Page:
The first case of human-to-animal transmission of monkeypox has been reported in a dog, according to research published in the medical journal The Lancet on August 10. Following the news, the United States public health agency, the Centres for Disease Control (CDC) and Prevention, has updated its prevention recommendations on infected persons having pets at home.
Detected in a Paris hospital, the infected dog showed symptoms such as lesions on the skin, specifically “mucocutaneous lesions, including abdomen pustules and a thin anal ulceration”. It is unclear right now if dogs can further spread the disease to other dogs or humans.
In India, eight cases of monkeypox have been reported so far. Globally, monkeypox cases have topped 35,000 since May this year, when the disease was first reported outside its endemic areas of a few countries of Central and West Africa. The WHO has said at present, a majority of the cases being reported are from Europe and the Americas.
According to The Lancet, the dog would sleep on the same bed as two men who were non-exclusive sexual partners and shared the household together. The men had been detected with monkeypox in late May this year after they showed symptoms of fever, headaches, and anal ulcerations.
Around 12 days later, the dog began showing symptoms, and was soon tested. The men said they had taken care to prevent their dog from contact with other pets or humans since the onset of their own symptoms.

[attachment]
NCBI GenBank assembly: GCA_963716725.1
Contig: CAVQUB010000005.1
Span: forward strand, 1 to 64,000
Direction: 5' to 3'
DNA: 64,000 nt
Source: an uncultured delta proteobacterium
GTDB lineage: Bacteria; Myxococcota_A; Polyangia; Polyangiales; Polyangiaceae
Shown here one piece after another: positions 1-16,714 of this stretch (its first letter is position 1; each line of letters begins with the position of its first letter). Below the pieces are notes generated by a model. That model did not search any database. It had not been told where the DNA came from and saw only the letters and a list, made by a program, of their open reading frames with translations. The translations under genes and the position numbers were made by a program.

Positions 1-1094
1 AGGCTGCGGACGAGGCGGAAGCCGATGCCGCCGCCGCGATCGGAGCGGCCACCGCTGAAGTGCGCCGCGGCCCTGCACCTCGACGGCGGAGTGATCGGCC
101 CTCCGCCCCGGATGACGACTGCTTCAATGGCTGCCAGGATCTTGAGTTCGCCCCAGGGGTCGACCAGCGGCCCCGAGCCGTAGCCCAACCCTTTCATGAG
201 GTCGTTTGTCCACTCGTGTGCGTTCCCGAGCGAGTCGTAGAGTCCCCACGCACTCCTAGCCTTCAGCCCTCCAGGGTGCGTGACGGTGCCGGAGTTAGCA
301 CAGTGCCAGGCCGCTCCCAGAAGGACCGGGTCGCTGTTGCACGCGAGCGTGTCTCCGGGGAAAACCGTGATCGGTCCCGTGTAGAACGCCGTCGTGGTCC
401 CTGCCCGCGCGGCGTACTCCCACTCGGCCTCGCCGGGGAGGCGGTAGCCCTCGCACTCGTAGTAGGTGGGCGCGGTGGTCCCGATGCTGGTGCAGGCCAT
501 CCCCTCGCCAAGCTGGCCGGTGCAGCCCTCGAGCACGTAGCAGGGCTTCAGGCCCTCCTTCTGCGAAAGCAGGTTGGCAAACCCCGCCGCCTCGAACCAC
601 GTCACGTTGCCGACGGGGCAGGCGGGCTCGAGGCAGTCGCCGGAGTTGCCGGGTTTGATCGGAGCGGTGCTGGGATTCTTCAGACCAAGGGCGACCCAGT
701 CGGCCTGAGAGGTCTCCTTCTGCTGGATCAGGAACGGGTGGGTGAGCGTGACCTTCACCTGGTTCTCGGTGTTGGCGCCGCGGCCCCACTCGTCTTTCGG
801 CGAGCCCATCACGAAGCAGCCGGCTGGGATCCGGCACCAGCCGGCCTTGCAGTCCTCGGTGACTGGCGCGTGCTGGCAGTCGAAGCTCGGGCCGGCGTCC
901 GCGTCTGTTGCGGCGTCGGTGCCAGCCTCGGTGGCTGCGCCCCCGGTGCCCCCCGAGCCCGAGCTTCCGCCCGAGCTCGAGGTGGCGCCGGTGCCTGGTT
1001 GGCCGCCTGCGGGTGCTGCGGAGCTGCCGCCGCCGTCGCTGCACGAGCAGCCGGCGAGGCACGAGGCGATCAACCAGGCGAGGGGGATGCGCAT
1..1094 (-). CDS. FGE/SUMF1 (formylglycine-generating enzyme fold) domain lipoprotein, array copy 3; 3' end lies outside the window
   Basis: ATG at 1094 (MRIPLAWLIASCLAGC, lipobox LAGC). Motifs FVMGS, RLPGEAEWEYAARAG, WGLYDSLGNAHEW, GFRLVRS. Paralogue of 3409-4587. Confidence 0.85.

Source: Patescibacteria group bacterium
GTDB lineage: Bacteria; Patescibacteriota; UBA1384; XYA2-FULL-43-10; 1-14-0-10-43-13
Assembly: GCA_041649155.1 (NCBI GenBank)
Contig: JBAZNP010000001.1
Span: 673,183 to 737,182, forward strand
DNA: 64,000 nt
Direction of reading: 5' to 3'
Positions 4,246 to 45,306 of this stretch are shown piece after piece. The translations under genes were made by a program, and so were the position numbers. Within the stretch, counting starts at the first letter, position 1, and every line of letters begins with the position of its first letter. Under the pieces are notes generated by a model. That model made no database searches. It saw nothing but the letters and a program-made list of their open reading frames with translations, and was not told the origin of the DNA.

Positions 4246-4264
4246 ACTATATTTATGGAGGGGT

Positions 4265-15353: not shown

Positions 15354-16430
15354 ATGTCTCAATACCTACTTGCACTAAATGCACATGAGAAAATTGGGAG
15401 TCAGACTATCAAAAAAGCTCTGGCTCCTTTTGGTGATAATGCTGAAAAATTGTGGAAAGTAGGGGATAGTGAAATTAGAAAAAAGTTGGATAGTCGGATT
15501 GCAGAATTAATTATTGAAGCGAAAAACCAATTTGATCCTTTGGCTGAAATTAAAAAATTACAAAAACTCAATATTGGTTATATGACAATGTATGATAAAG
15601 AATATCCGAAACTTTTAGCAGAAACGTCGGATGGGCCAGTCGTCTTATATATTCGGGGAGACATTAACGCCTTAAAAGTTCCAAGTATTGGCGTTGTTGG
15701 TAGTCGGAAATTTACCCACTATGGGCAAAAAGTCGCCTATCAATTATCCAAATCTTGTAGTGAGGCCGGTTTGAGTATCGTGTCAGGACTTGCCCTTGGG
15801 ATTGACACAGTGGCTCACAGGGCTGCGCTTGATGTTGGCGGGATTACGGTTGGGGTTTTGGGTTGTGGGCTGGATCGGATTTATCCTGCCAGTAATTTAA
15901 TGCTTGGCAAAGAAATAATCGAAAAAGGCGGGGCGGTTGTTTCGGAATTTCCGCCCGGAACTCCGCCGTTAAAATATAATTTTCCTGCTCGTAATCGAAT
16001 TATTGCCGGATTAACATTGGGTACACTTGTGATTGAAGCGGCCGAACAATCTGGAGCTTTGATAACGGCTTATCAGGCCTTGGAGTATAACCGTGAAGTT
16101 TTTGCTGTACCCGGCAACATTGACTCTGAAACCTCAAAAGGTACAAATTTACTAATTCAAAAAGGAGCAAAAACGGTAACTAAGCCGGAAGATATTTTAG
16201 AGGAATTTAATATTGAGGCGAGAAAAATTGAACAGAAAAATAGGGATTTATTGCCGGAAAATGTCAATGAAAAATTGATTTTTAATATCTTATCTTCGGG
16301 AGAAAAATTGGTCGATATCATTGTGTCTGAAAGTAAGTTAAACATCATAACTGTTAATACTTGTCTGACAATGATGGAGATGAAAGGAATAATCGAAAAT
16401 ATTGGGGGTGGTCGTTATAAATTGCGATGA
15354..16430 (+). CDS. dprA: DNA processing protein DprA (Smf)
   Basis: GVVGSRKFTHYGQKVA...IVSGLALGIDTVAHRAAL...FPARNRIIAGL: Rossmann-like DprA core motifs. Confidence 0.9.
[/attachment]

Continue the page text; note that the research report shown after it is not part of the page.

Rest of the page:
While it has not been understood yet how exactly the transmission happened in this case, among humans monkeypox spreads through close contact with anyone infected with the virus, through infectious rashes and bodily fluids. The vast majority of cases in the current outbreak have been concentrated among men having sex with men (MSM). Advisories issued by governments and health agencies have cautioned against the sharing of bed linen or clothes with infected persons.
In endemic countries, only wild animals (rodents and primates) have been found to carry the monkeypox virus, The Lancet report said. Infection among domesticated animals, such as dogs and cats, had not been reported till now.
Given only one case has been reported so far, The Lancet has called for further investigation on secondary transmissions via pets.
However, the CDC has suggested certain precautions, saying it is possible that people who are infected can spread the monkeypox virus to animals through close contact — petting, cuddling, hugging, kissing, licking, sharing sleeping areas, and sharing food. Those who have monkeypox symptoms or have recently tested positive need to avoid close contact. If the pet has not been in close proximity to the owners, they can be shifted to another place until the recovery happens, or around 21 days.
“After the person with monkeypox is recovered, disinfect your home before bringing healthy animals back”, said the CDC, adding that sanitisers and other disinfectants should not be used on pets. Pets showing symptoms should be tested, and people around the pet need to wear personal protective equipment or long-sleeved clothing to avoid exposure. Frequent hand washing is also recommended when handling the pet.